Monday, March 31, 2014


...“Many years ago, I was at a national conference on biogenetics.  It wasn’t purely a scientific conference; it was open to the public.  The idea was that people from all walks of life – intelligent, thoughtful people – would discuss our dreams about what this technology might do for us.  There were panel discussions on the eradication of MS, and Parkinson’s, and Lou Gehrig’s disease, and on and on.  We’d identify the genetic flaws, and no one would suffer from them again.

It was tremendously exciting, because there was a feeling that we really would have the potential to eradicate all human suffering from the earth.  There was a feeling of almost being godlike.  It was electrifying, Mr. Samuels.

I was as exhilarated as anyone.  But then, on the last day of the conference, a young man stood up in the audience.  We had all been listening to a speech about how prenatal testing was showing promising signs of making it possible to eliminate Down Syndrome.  And... “ Dr. Fukuyama leans across the desk, her eyes intent on mind. “Mr. Samuels, the young man who stood up int he audience to talk had Down Syndrome himself.  He was the head of a self-advocacy group of adults with down syndrome.”

I nod.

“We were all a little taken aback,” says Dr. fukuyama. “But this young man stood up, Mr. Samuels, and he said the following.  I have never forgotten it.”

“’I don’t understand.  We don’t make any trouble.  We don’t steal things or kill people.  We don’t take the good jobs.  Why do you want to kill us?’”

For a few secons I cannot breathe.  I stare at Dr. Fukuyama.  She stares back at me.  Then she smiles, a little sadly.  “That moment changed everything for me.  My excitement disappeared.  I got a glimpse of the world we really might create, with our high-flying ideas about the eradication of suffering.  A world in which so many people are found lacking.  Are considered unfit even to be born.”

- “Double Helix” by Nancy Werlin

The preceding is an excerpt from a young adult novel I just finished reading... and it stopped me in my tracks. If you have a child with down syndrome, or maybe another disability, then you know this world all too much.

Ive heard several parents of children with down syndrome asked if they could would they take away the down syndrome.... and almost all of them say "no, its part of what makes their child who they are".... maybe this is callous, but if I could, I would absolutely take away Wallace's down syndrome - not for me (ok, maybe a little bit b/c it would be nice to know what he is thinking sometimes), but more for Wallace - Wallace has his own personality that he would absolutely retain with or without the down syndrome, but it would make Wallace's life easier and more open and I would love to give him all the opportunities that my other kids would have - I would love for Wallace to be able to speak and tell us what he wants, or why he did something... to be able to stand up for himself when another kid says "wallace did it" and he cant protest even though he did nothing wrong... that he wouldnt be so misunderstood...  but if we couldnt have Wallace without the down syndrome, we definitely would still take him with it... :)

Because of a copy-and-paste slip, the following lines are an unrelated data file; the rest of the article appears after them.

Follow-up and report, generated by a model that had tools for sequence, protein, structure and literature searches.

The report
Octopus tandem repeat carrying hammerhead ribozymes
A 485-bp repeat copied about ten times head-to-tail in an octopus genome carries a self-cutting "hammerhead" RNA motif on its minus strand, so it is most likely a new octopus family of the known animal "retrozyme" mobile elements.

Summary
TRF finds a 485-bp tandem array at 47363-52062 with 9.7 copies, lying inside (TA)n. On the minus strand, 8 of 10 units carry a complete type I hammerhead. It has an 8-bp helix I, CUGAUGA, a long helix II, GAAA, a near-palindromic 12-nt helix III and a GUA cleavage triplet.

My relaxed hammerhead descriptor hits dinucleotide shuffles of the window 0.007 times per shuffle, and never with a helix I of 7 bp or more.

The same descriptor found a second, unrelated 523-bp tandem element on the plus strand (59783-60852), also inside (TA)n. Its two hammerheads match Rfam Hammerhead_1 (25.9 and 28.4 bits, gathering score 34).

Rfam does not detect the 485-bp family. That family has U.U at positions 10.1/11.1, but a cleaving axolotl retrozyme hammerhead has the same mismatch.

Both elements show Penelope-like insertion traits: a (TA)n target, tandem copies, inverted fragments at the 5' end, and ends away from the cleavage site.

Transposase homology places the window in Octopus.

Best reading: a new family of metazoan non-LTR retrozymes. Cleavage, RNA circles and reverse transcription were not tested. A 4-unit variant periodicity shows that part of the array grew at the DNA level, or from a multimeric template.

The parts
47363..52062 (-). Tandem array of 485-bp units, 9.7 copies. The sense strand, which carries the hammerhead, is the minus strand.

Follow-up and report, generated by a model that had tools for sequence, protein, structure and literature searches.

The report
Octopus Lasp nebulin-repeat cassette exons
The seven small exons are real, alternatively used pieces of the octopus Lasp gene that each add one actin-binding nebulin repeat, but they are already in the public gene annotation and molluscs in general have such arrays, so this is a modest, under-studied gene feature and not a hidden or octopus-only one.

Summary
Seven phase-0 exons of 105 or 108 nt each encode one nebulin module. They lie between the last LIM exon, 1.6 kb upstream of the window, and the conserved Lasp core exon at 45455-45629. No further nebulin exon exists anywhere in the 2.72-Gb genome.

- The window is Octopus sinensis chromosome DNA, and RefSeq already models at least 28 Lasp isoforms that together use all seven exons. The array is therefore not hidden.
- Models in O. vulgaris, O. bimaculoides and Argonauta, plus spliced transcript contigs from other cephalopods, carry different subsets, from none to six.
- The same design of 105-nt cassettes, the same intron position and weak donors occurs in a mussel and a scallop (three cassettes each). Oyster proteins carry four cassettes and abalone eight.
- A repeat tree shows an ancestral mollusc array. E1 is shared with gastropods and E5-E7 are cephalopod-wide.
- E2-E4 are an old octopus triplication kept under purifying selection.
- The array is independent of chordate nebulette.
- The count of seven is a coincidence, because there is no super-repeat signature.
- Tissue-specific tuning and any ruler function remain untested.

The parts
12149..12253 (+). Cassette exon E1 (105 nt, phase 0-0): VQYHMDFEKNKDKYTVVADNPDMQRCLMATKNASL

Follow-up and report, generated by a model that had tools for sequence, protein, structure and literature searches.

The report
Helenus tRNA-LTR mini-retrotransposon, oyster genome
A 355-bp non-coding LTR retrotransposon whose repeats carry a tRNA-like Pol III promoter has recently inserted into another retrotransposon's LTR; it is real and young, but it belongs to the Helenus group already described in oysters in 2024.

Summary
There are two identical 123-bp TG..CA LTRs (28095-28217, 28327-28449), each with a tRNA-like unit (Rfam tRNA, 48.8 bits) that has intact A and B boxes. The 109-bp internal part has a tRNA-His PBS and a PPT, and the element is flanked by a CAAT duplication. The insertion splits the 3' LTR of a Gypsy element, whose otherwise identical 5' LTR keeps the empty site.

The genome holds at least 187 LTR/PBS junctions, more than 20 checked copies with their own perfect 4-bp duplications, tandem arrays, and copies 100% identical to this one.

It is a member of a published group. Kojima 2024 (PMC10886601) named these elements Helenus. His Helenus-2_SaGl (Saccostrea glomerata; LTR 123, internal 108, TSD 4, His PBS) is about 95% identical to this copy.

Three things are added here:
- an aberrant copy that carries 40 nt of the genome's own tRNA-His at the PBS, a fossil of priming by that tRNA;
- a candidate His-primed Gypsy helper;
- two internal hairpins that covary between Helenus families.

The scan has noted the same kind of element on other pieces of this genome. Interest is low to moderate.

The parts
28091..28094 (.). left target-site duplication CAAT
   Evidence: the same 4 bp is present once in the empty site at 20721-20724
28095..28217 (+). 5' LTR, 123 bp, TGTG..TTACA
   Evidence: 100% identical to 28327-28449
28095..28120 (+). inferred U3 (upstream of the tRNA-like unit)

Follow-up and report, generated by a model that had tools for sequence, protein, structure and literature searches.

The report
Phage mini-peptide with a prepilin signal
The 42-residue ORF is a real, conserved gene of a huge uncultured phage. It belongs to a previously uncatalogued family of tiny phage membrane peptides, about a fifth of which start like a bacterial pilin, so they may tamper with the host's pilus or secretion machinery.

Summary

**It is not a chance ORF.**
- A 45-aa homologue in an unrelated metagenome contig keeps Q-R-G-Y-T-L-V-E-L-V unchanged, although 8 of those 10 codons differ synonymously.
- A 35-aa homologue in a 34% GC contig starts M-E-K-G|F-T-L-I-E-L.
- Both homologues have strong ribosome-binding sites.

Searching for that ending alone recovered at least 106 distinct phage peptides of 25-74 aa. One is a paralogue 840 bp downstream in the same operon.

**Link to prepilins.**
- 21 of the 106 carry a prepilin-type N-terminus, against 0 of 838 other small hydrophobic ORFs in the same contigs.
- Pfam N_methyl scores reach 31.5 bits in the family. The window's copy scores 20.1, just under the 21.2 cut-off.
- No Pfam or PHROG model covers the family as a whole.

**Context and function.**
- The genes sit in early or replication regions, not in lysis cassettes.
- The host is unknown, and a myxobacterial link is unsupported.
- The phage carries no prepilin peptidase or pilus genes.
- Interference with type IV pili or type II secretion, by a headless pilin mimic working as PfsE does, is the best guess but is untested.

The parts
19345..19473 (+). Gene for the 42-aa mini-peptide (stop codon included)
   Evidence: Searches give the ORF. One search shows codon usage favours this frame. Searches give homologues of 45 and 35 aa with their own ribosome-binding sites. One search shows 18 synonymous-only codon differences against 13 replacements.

Did you know that 92% of babies that have down syndrome are purposefully aborted?  Im not going to judge anyone for their decisions - goodness knows, I can test that parenting alone is hard, but parenting a child with special needs is really hard some days - its also really, really good some days too (and no, we are not saints - if it was your kid going through something, then you do what you gotta do, thats just parenting).... but I hate that as society we equate down syndrome with being stupid or worthless... believe me, Wallace is seriously not stupid or worthless.... he is very smart and very good at getting what he wants and reading people... but it aches my heart that people can look at him and think its ok to treat people like him like they arent even human.... still as a society, we are using the word "retard" as if thats ok... its not.... even if you "dont mean it that way" - if you really dont, then find another word, how is that so hard?

I think weve come a LONG way in becoming more accepting of people who are different, but I also still think we have a LONG way to go.... my mama-bear insticts want to fight, but I know that isnt always the best way.... I just want to do what I can.

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